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MCDONNELL DOUGLAS DC-10

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DC10
Aircraft
Name DC-10
Manufacturer MCDONNELL DOUGLAS
Body Narrow
Wing Fixed Wing
Position Low wing
Tail Regular tail, mid set
WTC Heavy
APC C
Type code L3J
RFF Category 8
Engine Jet
Engine count Multi
Position Underwing mounted and fin-integrated
Landing gear Tricycle retractable
Mass group 4


Manufacturered as:

BOEING MD-10
MCDONNELL DOUGLAS MD-10
MCDONNELL DOUGLAS KDC-10
MCDONNELL DOUGLAS Extender
MCDONNELL DOUGLAS DC-10
MCDONNELL DOUGLAS KC-10 Extender


MCDONNELL DOUGLAS DC-10

MCDONNELL DOUGLAS DC-10 MCDONNELL DOUGLAS DC-10 3D

Description

Long range airliner/freighter. In service since 1971. Tri jet development with the similar L-1001 TriStar. More powerful versions DC-10-30 and DC-10-40. Freighter version DC-10F, most common version today. KC-10 military tanker development. BOEING started a DC-10 modification program with MD-11 (two crew) cockpit. Production ceased 1989.

Technical Data

Wing span 50.4 m165.354 ft
Length 55 m180.446 ft
Height 17.7 m58.071 ft
Powerplant 10: 3 x GE CF6-6D (178 kN) or 3 x GE CF6-6D1 (182,4 kN) turbofans.

30: 3 x GE CF6-50A (218 kN) or 3 x GE CF6-50C (226,9 kN) or 3 x GE CF6-50C1/C2 (233,5 kN) or 3 x GE CF6-50C2 (240,2 kN) turbofans.
40: 3 x P&W (219,6 kN) or 3 x P&W JT9D-20 (219,6 kN) or 3 x P&W JT9D-59A (235,8 kN) turbofans.

Engine model General Electric CF6, Pratt & Whitney JT9D

Performance Data

Take-Off Initial Climb
(to 5000 ft)
Initial Climb
(to FL150)
Initial Climb
(to FL240)
MACH Climb Cruise Initial Descent
(to FL240)
Descent
(to FL100)
Descent (FL100
& below)
Approach
V2 (IAS) 150 kts IAS 180 kts IAS 290 kts IAS 290 kts MACH 0.8 TAS 510 kts MACH 0.81 IAS 300 kts IAS kts Vapp (IAS) 149 kts
Distance 3000 m ROC 2000 ft/min ROC 1500 ft/min ROC 1000 ft/min ROC 1000 ft/min MACH 0.82 ROD 1000 ft/min ROD 1500 ft/min MCS 230 kts Distance 1800 m
MTOW 259459259,459 kg
259.459 tonnes
kg
Ceiling FL410 ROD ft/min APC C
WTC H Range 62206,220 nm
11,519,440 m
11,519.44 km
37,793,438.348 ft
NM

Accidents & Serious Incidents involving DC10

  • DC10, Macau SAR China, 2005 (On 9 November 2005, a McDonnell Douglas DC10-30F almost failed to get airborne before the end of the runway on a night takeoff from Macau and its main landing gear then hit lighting and ILS equipment as it climbed at a very shallow angle. After flight, two wheel changes were required due to tyre damage. The Investigation was hindered by the failure of the State of the Operator to assist the Investigation but concluded that the aircraft had been correctly loaded and that the extended take off roll had been due to use of the wrong flap setting.)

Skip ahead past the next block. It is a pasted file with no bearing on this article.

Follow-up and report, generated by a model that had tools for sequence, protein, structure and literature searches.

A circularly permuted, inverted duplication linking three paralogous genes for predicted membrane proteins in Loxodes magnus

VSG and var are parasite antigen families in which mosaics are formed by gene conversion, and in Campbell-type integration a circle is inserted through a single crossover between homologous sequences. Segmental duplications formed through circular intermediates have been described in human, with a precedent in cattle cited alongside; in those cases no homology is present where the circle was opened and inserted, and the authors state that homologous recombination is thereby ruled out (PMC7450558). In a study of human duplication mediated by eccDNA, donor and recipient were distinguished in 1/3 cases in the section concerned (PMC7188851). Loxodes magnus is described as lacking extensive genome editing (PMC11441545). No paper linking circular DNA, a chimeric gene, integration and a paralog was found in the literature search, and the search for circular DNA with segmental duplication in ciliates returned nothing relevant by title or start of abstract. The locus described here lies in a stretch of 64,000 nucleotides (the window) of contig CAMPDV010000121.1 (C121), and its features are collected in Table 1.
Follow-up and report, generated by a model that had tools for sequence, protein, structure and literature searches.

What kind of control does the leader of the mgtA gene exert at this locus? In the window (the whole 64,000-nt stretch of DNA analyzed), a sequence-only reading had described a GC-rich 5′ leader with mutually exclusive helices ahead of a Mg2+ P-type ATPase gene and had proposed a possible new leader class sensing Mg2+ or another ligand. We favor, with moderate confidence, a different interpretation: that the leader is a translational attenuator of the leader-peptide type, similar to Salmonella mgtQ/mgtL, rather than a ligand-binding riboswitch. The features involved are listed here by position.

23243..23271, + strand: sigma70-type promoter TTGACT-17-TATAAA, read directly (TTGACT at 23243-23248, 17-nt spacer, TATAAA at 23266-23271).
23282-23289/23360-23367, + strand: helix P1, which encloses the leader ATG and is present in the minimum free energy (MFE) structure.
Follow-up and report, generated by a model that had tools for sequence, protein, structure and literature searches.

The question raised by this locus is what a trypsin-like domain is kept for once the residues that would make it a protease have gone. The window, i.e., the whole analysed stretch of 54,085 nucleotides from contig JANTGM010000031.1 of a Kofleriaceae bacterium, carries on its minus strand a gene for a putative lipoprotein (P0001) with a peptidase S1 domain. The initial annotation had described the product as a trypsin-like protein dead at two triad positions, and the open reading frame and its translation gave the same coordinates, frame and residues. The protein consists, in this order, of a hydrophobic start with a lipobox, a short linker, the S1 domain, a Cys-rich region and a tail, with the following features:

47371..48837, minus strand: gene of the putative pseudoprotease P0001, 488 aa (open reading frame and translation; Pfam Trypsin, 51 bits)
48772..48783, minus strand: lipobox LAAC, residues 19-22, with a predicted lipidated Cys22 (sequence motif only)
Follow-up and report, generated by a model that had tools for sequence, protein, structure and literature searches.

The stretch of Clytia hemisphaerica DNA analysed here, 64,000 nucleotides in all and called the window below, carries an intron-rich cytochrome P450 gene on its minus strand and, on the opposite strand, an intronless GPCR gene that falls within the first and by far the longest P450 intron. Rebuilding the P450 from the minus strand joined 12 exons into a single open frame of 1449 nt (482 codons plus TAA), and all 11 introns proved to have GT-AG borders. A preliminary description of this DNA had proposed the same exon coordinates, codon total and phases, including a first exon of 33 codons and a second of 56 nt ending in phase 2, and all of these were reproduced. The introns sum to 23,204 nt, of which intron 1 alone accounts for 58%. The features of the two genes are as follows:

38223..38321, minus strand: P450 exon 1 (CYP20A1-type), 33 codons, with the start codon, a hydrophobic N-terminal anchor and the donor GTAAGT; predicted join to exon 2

• DC10, Newburgh NY USA, 1996 (On 5 September 1996, a DC10 operated by Fedex, was destroyed by fire shortly after landing at Newburgh, USA, following a fire in the cargo compartment.)
  • DC10, Sioux City USA, 1989 (On 19 July 1989, a GE CF6-6D-powered Douglas DC-10-10 at FL370 suffered a sudden explosive failure of the tail-mounted number 2 engine and a complete loss of hydraulics so that the aircraft could only be controlled by varying thrust on the remaining two engines. With only limited flightpath control, the subsequent Sioux City emergency landing led to the destruction of the aircraft by impact and fire. The Investigation attributed the engine failure to non-identification of a fan disc fatigue crack arising from a manufacturing defect and the loss of hydraulics to debris dispersal which had exceeded the system’s certification protection.)
  • DC10, Tahiti French Polynesia, 2000 (On 24 December 2000, a Hawaiian Airlines DC10 overran the runway at Tahiti after landing long on a wet runway having encountered crosswinds and turbulence on approach in thunderstorms.)
  • DC10, en-route, Paris France, 1974 (On 3 March 1974, all 346 occupants were killed when a Turkish Airlines McDonnell Douglas DC 10 suffered an explosive decompression after an improperly secured hold door detached passing 12000ft in the climb shortly after departing Paris Orly. It was found that non-mandated corrective actions promulgated after the investigation into a similar DC10 explosive decompression in Canada nearly two years earlier had identified an identical fault in the door closure mechanism which had allowed it to indicate and appear secured when it was not had not been completed on the aircraft at the time of the accident.)